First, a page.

Montefiore in the News
For High-Risk Cancer Patients, Experts Consider Any Vaccine-Induced Covid-19 Protection Beneficial
- March 9, 2021
Going through cancer treatment during a pandemic can be an anxiety-provoking process—from concerns over treatment delays to the risk of contracting the coronavirus. Add in the sense of isolation that comes while trying to avoid the virus, and the situation can become dire.
The growing availability of approved Covid-19 vaccines is providing hope that the pandemic will wane. But cancer patients have questions about their place in the vaccine line (which can vary considerably by location), as well as their ability to mount the immune response needed for vaccine-induced protection from future SARS-CoV-2 exposures.
After all, chemotherapy and other treatments used to beat back tumor cells can lead to a temporary dip in immune function, while other cancer treatments are designed to turn off immune "checkpoints" that otherwise stop the immune system from attacking some tumor cells.
"The goal of immunotherapy or checkpoint blockade is to actually stimulate the immune system. So there may be different effects on vaccine-induced immunity. Many of us are studying that to try to understand whether it's detrimental or perhaps even beneficial," explained John Wherry, director of the University of Pennsylvania's Institute of Immunology and chair of its systems pharmacology and translational therapeutics department.
In the meantime, though, Wherry and other experts say most cancer patients on treatment should get a Covid-19 shot as soon as it is available to them, since even lower-than-usual response to the vaccines is expected to offer protection.
"In general, the vast majority of patients with cancer — even those who are receiving treatment — should receive the vaccine and will benefit from it," Jia Luo, a fellow in medical oncology at Memorial Sloan Kettering Center, said in an e-mail. "Patients should speak to their oncologist about their specific case and the timing of their vaccination."
While Covid-19 vaccine efficacy needs further study in individuals on active treatment for cancer, ...
Though research is needed to tease out vaccine efficacy for individuals on active treatment for cancer (and those treatments can vary considerably by cancer type, subtype, and stage), the vaccines appear to be safe for cancer patients. And there is reason to believe they will offer much needed protection, even in individuals that have immune deficiencies due to treatment or cancer itself.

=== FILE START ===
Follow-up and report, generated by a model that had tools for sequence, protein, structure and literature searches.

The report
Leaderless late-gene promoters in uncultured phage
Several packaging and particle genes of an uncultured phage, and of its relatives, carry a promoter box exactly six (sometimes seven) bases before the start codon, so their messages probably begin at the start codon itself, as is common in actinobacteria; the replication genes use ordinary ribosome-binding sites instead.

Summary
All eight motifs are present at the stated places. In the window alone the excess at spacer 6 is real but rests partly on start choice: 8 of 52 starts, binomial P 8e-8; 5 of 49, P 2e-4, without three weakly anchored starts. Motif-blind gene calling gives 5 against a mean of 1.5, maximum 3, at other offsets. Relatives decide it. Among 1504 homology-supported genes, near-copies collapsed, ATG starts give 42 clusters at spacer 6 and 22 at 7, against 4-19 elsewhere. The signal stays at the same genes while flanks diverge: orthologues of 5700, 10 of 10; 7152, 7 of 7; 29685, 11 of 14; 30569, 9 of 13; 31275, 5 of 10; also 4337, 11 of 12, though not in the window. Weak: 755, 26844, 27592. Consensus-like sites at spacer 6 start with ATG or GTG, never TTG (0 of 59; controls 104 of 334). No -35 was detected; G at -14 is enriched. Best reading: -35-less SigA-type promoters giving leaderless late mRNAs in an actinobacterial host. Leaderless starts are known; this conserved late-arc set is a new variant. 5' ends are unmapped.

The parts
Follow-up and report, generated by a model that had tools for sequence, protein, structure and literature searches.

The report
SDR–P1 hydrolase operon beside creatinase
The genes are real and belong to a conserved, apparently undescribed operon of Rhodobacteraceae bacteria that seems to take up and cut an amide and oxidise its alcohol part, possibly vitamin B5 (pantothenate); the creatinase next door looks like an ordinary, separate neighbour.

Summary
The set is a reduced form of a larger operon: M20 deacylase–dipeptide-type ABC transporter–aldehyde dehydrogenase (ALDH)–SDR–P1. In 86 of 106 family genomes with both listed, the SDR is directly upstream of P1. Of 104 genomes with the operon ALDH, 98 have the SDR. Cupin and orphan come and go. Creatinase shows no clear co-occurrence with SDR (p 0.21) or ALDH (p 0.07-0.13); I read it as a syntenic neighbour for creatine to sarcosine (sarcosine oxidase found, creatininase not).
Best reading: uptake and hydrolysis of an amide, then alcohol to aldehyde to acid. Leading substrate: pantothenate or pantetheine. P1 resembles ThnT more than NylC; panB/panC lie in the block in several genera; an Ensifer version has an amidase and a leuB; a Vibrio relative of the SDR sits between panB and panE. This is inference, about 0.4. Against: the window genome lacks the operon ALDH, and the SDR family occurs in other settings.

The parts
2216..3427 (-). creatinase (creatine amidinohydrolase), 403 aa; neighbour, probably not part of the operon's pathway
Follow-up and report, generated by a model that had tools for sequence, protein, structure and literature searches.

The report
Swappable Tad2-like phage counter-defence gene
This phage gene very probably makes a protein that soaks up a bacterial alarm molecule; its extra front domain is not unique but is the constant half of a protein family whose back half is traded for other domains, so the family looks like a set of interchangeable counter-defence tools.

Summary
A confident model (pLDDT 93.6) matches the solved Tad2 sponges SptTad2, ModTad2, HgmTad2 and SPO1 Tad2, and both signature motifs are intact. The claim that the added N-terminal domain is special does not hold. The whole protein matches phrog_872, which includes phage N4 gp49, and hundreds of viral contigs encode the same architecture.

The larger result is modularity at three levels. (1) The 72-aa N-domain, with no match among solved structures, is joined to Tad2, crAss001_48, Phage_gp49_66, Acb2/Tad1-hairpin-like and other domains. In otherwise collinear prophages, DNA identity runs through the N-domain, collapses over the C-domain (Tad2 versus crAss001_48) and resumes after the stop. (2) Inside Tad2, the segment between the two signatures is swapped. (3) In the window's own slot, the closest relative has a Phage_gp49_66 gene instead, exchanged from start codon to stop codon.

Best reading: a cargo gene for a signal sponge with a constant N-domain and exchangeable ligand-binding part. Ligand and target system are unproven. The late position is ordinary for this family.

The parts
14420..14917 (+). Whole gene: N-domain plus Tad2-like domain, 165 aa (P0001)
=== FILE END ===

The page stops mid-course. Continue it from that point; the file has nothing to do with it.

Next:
"The question is whether [Covid-19 vaccines] work as well in people having cancer treatment like chemotherapy and radiation," Luo noted. "A few cancer treatments reduce how well a person's immune system responds. It's possible that the vaccines might not be as effective in those people. Even so, having some protection is key."
Based on the data on hand and strong immune responses they induce, Wherry believes the available vaccines will likely offer some protection to immune compromised individuals by kicking both antibody-producing B cells and T immune cells into gear
B cells make secreted proteins—as antibodies—that interact with viral surface structures in a lock-and-key manner keep viral intruders out of our cells. But viruses that do manage to make it into the cell still have to contend with T cells, which take down infected cells that are starting to make copies of the virus.
T cells that have been primed by a vaccine are "ready to go," Wherry said, and "can eliminate that infection locally before it ever has a chance to spread and maybe before you know that you got a small infection."
Those strong immune responses can come with temporary side effects, he added, so a few days of feeling poorly is a normal response to the vaccine.
The immune landscape gets more complicated for cancer patients who have their antibody-producing B cells destroyed as part of the treatment process, including individuals with hematological malignancies such as leukemia or lymphoma that arise in those very cells, he explained. But there is a good change that vaccines can still boost Covid-19 immunity by readying T cells against SARS-CoV-2.
"If we need to now vaccinate you and we've just eliminated all of your B cells, we now have a problem that you're not going to generate antibodies as well," Wherry said. "The hope, in many of these cancer patients, is that we will be able to generate T cells that will provide at least some degree of protection from severe disease, even though they may not prevent initial infection."